The screenshots I posted are for accelerator pedal position average as the name implies. Post #11 contains transmission fluid temperature possibilities. The first set of values in that post is the likely one for pre 2008 GMT360/370 Vortec 4200.
 
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TJBaker57

Member
Aug 16, 2015
2,963
Colorado
I neglected to explain why in the screenshots I posted for the APP Average PID, the PID entry is 12b001 and not just 12b0.

Some GM PIDs require further optional parameters before they will respond. The Torque Pro app will try different things in the background to get a reponse so if you enter just 12b0 for this PID the first attempt by Torque will receive a negative response from the PCM and then Torque will start trying different things to get a positive response. One of these things Torque tries is the addition of the "01" after the actual 4 character PID value. I find it faster to just do that part myself.

Another thing I left out was any mention of the "Header" field. A "header" is a portion of a message sent before the service (mode) and the PID value. The PID entries we are using here have a 3 byte header that describes the kind of message we are sending, how important is the message, who is the intended recipient of the message, and where to reply to the message. OBD Fusion only requires that you input one of their supported acronyms like ECM or ABS and it will construct what it believes is the appropriate 3 byte header. For advanced users there is an undocumented way to specify the exact 3 byte header yourself but we don't need to do that here.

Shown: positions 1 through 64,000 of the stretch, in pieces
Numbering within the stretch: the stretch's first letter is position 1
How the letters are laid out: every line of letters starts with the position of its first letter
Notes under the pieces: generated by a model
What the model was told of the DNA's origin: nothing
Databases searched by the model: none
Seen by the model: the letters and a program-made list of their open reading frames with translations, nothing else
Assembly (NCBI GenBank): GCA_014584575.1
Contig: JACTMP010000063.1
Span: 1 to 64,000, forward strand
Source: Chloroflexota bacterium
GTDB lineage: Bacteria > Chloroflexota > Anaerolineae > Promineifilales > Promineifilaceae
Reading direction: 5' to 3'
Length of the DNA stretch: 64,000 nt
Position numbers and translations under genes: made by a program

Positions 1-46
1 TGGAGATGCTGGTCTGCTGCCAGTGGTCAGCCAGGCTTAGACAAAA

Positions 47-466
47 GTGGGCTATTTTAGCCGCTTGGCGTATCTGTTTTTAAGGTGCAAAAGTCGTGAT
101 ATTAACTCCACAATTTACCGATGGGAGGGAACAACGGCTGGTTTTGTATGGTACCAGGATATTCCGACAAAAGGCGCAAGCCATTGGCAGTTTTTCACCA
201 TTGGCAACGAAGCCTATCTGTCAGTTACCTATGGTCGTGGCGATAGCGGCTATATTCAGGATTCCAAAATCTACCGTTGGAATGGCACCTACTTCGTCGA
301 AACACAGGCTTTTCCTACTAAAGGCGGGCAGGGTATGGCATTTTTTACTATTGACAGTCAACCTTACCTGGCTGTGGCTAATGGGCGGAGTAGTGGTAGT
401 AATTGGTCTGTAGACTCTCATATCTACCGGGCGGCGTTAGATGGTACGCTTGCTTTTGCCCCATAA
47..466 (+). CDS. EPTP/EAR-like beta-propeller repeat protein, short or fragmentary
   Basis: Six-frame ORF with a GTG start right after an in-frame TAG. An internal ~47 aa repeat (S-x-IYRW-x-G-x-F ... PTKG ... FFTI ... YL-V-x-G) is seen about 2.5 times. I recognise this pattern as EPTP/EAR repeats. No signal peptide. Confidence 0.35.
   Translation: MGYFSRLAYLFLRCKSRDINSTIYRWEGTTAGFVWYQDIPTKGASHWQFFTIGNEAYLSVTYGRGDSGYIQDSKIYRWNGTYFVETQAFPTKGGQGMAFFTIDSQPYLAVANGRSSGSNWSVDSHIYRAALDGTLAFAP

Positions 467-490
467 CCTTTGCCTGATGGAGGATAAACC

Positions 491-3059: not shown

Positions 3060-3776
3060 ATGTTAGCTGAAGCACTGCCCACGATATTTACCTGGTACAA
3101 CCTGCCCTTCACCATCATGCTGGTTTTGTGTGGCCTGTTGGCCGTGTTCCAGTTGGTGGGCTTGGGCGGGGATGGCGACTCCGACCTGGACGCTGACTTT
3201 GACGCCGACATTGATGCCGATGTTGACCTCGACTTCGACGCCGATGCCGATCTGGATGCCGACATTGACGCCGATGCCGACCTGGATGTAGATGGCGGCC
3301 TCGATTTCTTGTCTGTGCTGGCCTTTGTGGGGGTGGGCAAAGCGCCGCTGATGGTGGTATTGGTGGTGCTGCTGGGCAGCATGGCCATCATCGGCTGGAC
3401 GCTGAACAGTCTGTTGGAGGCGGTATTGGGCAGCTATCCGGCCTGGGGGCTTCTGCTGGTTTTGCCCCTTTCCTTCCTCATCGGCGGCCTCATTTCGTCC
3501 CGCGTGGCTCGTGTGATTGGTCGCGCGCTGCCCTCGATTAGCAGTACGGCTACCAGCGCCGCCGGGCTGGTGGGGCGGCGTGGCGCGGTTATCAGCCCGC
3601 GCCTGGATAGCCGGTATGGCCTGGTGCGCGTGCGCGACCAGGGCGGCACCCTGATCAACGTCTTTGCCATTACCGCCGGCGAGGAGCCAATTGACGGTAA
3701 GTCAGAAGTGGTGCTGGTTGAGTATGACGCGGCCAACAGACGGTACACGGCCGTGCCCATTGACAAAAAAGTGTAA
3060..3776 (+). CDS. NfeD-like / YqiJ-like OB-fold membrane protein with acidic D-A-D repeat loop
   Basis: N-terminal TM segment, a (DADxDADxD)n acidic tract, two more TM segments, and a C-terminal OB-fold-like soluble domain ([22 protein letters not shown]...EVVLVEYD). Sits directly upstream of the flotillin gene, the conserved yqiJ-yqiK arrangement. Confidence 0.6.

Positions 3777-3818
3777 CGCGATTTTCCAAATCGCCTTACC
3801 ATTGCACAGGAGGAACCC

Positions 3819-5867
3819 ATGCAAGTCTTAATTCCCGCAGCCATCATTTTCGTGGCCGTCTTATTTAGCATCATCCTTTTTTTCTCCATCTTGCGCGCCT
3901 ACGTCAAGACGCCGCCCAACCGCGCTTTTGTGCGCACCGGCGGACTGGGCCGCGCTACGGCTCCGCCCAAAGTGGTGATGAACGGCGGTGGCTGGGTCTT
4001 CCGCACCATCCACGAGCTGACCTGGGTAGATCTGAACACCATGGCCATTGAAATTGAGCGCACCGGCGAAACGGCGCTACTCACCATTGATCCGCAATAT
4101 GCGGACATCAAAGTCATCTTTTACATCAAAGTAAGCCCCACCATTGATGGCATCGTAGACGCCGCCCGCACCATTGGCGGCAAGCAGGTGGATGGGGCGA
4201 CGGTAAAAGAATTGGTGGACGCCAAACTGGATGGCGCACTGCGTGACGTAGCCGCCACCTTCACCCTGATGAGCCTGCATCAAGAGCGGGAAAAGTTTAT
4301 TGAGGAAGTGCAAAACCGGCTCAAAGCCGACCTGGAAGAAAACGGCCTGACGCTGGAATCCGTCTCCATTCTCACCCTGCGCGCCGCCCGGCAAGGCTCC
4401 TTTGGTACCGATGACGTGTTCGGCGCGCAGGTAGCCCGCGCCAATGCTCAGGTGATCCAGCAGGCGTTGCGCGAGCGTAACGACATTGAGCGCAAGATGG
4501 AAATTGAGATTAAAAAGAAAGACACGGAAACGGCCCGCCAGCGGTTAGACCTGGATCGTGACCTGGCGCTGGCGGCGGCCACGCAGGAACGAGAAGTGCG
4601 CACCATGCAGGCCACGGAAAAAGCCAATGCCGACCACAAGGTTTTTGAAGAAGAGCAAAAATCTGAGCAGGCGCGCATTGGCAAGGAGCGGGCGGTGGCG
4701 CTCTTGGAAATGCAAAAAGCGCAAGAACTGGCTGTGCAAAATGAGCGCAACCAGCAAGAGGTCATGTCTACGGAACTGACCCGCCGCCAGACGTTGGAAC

As an aside, in Torque there are also supported acronyms or you can enter "Auto" and Torque will try several things trying to get a response. The things Torque does are never seen by the normal user but I have monitored the data stream and have seen some very weird messages. Torque is good at getting a response because it keeps trying different messages but some of these attempts are truly odd. Torque will start mixing up custom headers from one PID definition with PID definitions so where I have custom PID definitions for many different modules this mixing up message parts produces messages such as requesting the engine oil temperature from the liftgate module!
 

l008com

Original poster
Member
Feb 19, 2016
919
Massachusetts
My transmission may be shifting a little funny, or it may just be in my head.
Is there a way to get a gear display to show what gear I'm in, and whether or not the torque converter is locked?
 

TJBaker57

Member
Aug 16, 2015
2,963
Colorado
My transmission may be shifting a little funny, or it may just be in my head.
Is there a way to get a gear display to show what gear I'm in, and whether or not the torque converter is locked?


Well,,, maybe. In 2008 they started using a different network protocol and I don't know squat about that one.